Alexandra residents, July 2017

We spent a good part of the morning going though Alexandra, one of the black townships established during apartheid to isolate the black population. This is a place of appalling living conditions and abject poverty. Yet, as the pictures show, people don’t exhibit misery in their everyday lives. Unemployment is 40%; the schools are terrible or worse; drug use and AIDS are rampant. Yet somehow people manage to live each day.

Alexandra streets, July, 2017

Alexandra’s future, July 2017

After the museum, we went to Soweto (3), the largest and most famous of the townships. This was the locus of the struggle to end apartheid. Mandela and the other leaders lived here, when they weren’t in jail, exile or hiding from the authorities. We had a pleasant lunch in a buffet restaurant on the street where Tutu and Mandela “lived” (4).

Historical center of Soweto, July 2017

Soweto is large, with millions of residents. The housing ranges from tin roofed and sided shacks, to small but tidy bricked homes, to dormitories that would compete with any tenement in NYC or Chicago. There is a lot of crime here and in Alexandra. Robin, our guide, hired a crew to wash and watch his car while we had lunch in Soweto. In Alexandra, he hired two bodyguards with a gun to follow us in their car while we drove around (we never got out of the car there).

Robin’s crew, July 2017

The Alexandra crew were all quite friendly, and jostled for the dollar or so he gave each of them: the washer, the watcher, the crew chief, etc.

It was an interesting and tiring day.

Tonight we have dinner out at a nearby restaurant. Tomorrow we get on a small plane for a 90 minute flight to Singita, a camp outside of Kruger National Park. We’ll be touring in a private preserve. I expect there’s some level of Internet service there, but if you don’t hear from us, then I was wrong.
(1) Think Scarsdale, Short Hills or Saddle River with electric wire on stone walls
(2) “White”, “black” and “colored” have specific meanings in South Africa, different than in the US. Race is really a cultural concept and not a biological one.
(3) Soweto = SOuth WEst TErriTOries. It is southwest of Joburg proper.
(4) Mandela stayed in the house here for a couple of weeks in his life. Tutu did live here, and his family still owns the house. Winnie Mandela had a restaurant which is now empty.

Gear fail

I’ve written a number of incredibly long and boring posts about my photography gear for this trip. This won’t be long. You can decide if it’s boring,

One of the key factors in choosing what to bring was redundancy: two cameras, lenses that can partially offset another that has failed, lots of batteries and chargers, backup strategy for the pictures. One thing which doesn’t have a backup is my tripod, as it’s big and heavy. I almost didn’t bring it at all because of the weight.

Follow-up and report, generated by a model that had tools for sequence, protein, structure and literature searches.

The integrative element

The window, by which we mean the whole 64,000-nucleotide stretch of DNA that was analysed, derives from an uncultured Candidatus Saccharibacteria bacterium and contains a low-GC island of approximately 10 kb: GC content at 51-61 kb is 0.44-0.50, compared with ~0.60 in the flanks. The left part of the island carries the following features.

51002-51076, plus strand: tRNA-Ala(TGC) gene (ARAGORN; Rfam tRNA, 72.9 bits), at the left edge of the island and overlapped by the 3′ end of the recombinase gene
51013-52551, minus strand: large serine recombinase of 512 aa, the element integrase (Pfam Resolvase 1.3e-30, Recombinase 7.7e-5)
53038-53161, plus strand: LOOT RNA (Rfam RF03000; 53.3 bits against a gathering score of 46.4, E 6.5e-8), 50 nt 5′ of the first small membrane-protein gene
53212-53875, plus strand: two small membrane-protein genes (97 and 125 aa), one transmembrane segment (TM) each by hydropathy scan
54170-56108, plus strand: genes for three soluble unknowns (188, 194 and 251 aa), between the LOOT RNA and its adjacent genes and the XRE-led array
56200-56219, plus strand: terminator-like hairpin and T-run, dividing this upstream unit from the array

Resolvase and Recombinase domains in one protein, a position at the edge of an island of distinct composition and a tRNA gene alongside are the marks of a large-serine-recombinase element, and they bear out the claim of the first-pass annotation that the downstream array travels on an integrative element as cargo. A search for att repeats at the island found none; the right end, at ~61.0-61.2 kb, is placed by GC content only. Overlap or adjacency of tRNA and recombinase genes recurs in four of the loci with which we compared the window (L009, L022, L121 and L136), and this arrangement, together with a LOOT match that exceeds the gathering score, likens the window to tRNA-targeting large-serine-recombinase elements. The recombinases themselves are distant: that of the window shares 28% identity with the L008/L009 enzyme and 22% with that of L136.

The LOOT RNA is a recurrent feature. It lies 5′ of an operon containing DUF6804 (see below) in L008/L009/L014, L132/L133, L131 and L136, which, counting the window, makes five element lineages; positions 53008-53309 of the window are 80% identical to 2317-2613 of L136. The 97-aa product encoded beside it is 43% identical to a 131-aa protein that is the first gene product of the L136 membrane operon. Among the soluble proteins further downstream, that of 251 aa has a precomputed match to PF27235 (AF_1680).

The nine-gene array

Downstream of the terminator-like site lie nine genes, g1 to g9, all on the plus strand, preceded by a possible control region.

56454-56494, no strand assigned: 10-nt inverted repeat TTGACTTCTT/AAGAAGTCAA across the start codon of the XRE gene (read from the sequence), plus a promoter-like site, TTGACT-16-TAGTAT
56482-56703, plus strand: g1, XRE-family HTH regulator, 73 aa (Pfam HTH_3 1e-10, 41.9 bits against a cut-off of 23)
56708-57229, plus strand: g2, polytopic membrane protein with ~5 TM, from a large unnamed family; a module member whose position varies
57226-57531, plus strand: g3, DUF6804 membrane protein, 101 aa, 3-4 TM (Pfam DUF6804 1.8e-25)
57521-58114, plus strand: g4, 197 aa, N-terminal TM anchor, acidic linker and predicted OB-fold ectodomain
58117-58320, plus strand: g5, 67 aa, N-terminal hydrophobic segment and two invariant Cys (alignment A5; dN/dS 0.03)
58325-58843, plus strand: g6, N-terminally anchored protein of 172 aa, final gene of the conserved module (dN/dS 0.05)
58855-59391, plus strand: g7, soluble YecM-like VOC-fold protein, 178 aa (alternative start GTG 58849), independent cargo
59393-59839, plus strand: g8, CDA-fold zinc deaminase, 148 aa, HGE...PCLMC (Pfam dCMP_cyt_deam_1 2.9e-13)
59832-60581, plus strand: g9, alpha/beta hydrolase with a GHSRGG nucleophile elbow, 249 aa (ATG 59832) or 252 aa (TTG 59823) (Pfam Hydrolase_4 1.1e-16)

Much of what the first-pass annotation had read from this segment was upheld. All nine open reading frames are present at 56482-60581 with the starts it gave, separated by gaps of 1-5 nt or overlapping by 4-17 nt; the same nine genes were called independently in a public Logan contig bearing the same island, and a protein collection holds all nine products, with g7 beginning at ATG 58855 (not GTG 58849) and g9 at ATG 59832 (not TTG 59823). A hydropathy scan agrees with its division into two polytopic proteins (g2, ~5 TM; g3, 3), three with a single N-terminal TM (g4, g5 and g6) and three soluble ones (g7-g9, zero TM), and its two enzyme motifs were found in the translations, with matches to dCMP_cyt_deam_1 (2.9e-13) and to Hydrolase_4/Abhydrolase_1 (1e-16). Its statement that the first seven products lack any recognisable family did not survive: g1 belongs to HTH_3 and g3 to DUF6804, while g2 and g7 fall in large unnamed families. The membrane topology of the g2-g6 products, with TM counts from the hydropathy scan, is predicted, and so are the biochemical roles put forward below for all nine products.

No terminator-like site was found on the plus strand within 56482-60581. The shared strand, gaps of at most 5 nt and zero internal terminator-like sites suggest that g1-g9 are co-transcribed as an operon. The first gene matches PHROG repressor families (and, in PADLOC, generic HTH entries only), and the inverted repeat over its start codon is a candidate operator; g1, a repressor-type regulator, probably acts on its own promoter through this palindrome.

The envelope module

So of course, it broke. Partially.

Looks healthy, but it’s not, July 2017

I had disassembled it into three pieces so that it would pack better into our constrained luggage. As I was trying to put it together this morning, the center shaft jammed in an unusable position. After about a half an hour, and at the cost of a skinned knuckle, I got it to the point where it is useable. But I brought this particular tripod because it converts to a monopod, which I can use in the game drive vehicles. Now I’m not sure I’ll be able to disassemble it anymore, or put it back together again if I do.


Inside a wall

We arrived in Johannesburg’s O.R. Tambo Airport this morning after a long and uneventful flight. In at least one way, it was a throwback to the old days of air travel: someone met us at the gate.

I vaguely remember those days, before layers upon layers of security were added to air travel. You could walk your friend or family member to the gate, helping them with their hand luggage (there was no wheeled luggage in those days, either) and delaying the inevitable goodby to the last minute. And the reverse was true: people would crowd around the gates, waiting for their someone to walk down the ramp and emerge to smiles and hugs.

In our case, we were met by an escort waiting with our name on a sign – someone we paid for who guided us through the airport, helped us get our luggage at the carousel, and expedited our passage through passport control and customs. After a tip, he handed us off to our driver, also waiting with a sign, who took us to our hotel in the suburbs. Where he got his tip (1).